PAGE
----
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Posts Tagged ‘patio dahlias’

Now that I am officially calling this a “photo diary” (having added those words to my header text), I might try a post that is just photos and captions.  But it can’t be this one because I wrote this much already!

Friday, 11 October, 2013

Depot Restaurant Garden

Depot garden, north side, with cosmos still blooming and wall of hops.

Depot garden, north side, with cosmos still blooming and wall of hops.

Sheltered from the south wind by the restaurant deck and lattice wall, these cosmos are still lush in mid October.

Sheltered from the south wind by the restaurant deck and lattice wall, these cosmos are still lush in mid October.

But the "Fireworks' goldenrod had collapsed and I cut it down...

But the “Fireworks’ goldenrod had collapsed and I cut it down…

The removal of Solidago ‘Fireworks’ (which had lost any interesting architectural quality by lying sideways) left a big hole that I halfway concealed by leaving up a couple of cosmos that were rather tatty looking themselves.

Anchorage Cottages

We did a light clean up and when I went in to talk to Beth, the manager, for a moment, I asked Allan to take a few photos for the blog.

one of the Anchorage signs

entrance to center courtyard

'New Dawn' rose

‘New Dawn’ rose on courtyard arbour

Schizostylis

Schizostylis

pampas grass on lower lawn (telephoto, with neighbour house closer than it is)

pampas grass on lower lawn (telephoto, with neighbour house closer than it is)

Andersen’s RV Park

I cleaned up dead and dying sweet peas and cosmos and a rangy somewhat invasive perennial Helianthus (not Lemon Queen) in the picket fence garden.

before and after

before and after

before and after, outside the fence

before and after, outside the fence

I can see the fence would look better if a picket were lined up to conceal the post!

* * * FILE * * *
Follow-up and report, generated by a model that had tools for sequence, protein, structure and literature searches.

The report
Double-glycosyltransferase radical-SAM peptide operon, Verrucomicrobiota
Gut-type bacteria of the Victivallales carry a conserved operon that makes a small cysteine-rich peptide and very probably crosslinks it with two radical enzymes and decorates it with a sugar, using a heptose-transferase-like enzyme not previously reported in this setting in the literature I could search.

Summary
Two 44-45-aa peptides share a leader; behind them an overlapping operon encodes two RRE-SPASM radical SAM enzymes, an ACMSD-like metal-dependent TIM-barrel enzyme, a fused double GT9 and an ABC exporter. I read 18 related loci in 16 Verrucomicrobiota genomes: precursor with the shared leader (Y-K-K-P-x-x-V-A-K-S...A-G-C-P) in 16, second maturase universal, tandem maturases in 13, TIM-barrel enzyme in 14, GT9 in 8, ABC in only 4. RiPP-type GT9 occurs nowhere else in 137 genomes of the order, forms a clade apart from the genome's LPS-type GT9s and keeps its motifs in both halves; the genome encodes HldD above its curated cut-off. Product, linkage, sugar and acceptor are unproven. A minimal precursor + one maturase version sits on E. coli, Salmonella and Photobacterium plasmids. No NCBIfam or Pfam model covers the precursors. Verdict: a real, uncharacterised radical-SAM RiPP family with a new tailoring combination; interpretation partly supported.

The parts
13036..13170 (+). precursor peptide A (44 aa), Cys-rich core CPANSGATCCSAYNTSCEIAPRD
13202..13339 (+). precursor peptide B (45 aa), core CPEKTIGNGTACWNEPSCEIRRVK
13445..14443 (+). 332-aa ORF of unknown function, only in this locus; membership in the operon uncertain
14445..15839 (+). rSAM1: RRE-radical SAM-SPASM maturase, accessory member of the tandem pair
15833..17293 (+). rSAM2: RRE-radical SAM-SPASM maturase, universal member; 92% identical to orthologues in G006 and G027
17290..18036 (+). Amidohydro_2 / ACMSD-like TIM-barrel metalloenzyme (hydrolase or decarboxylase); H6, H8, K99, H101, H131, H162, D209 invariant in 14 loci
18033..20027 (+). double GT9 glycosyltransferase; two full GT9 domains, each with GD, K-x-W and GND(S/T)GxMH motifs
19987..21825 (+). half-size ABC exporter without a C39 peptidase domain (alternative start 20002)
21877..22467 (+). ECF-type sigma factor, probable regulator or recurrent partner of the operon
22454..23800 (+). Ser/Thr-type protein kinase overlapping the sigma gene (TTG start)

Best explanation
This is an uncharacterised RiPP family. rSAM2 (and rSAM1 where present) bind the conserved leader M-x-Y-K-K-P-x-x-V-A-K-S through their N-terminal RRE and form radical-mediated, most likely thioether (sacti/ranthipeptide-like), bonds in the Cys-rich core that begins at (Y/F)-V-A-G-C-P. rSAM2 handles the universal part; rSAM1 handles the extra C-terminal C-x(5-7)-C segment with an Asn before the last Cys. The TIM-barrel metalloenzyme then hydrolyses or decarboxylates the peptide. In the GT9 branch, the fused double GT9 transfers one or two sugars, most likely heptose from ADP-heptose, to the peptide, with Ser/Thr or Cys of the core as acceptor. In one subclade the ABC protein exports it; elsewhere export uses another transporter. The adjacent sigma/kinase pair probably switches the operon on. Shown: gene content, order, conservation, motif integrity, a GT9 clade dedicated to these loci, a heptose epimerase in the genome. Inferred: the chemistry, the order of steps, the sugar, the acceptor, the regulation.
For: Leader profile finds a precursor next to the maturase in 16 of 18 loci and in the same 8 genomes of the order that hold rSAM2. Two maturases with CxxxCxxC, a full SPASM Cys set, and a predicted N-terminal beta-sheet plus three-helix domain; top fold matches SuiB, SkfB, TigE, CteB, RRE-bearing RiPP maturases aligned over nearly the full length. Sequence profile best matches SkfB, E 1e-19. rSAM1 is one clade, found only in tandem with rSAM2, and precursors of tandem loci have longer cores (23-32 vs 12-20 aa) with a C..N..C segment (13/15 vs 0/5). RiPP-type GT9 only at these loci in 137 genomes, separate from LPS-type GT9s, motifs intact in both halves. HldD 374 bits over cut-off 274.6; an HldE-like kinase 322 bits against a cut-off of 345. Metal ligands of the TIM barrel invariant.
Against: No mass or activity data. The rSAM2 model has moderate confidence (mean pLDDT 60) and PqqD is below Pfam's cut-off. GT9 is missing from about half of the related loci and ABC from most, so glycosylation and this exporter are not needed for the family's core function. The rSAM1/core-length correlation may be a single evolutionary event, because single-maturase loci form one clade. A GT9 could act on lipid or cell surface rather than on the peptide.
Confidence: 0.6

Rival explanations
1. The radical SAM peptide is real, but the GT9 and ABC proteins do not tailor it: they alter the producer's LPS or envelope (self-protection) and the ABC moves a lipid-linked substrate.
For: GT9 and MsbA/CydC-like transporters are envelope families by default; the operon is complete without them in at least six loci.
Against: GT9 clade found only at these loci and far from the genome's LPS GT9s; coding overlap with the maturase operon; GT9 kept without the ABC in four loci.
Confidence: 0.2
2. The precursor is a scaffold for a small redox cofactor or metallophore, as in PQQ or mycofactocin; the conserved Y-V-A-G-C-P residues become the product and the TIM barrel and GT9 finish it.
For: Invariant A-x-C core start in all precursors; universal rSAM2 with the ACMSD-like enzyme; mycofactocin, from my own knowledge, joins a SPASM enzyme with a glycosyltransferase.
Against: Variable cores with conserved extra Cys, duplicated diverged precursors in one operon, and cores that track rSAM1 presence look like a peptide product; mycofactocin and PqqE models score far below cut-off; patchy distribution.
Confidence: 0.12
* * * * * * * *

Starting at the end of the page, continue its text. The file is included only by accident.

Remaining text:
Staffer Joy helped by picking snails off of the fence, revealed as the sweet peas came down, and putting them in the dumpster to ride to the dump.  She took the last of the sweet peas into the office.

the last of the sweet peas

the last of the sweet peas

by the office door

by the office door

By the way, once upon a time I used to make sophisticated container arrangements with Sedums and grasses and other perennials, but at RV Parks and tourist towns, bright cheerful colours get the most appreciation.

I have had my most elegant trailing Helichrysum in more “tasteful” planters referred to as “that grey junk”, so somewhere along the line I got much more bright and cheerful and less artistic, I suppose, with my plantings.  At ground level, I still insist on planting quirky perennials.

Coreopsis 'Flower Tower'

Coreopsis ‘Flower Tower’

Meanwhile, Allan worked on the west side garden, pulling the BadAster that had gotten all pretty in the fall but now is ousted.  Or so I would like to think.  It no doubt will return.

during and after

during and after

That’s the poppy garden in spring and early summer and before that is a field of golden daffodils.

To the west of the poppy field:

RV Park, looking west

RV Park, looking west

Path to the beach is right at the end of the parking spots.

While dumping debris, I was thrilled to come upon a pile of dairy manure from The Planter Box that I did not know had been delivered.

cow fiber

cow fiber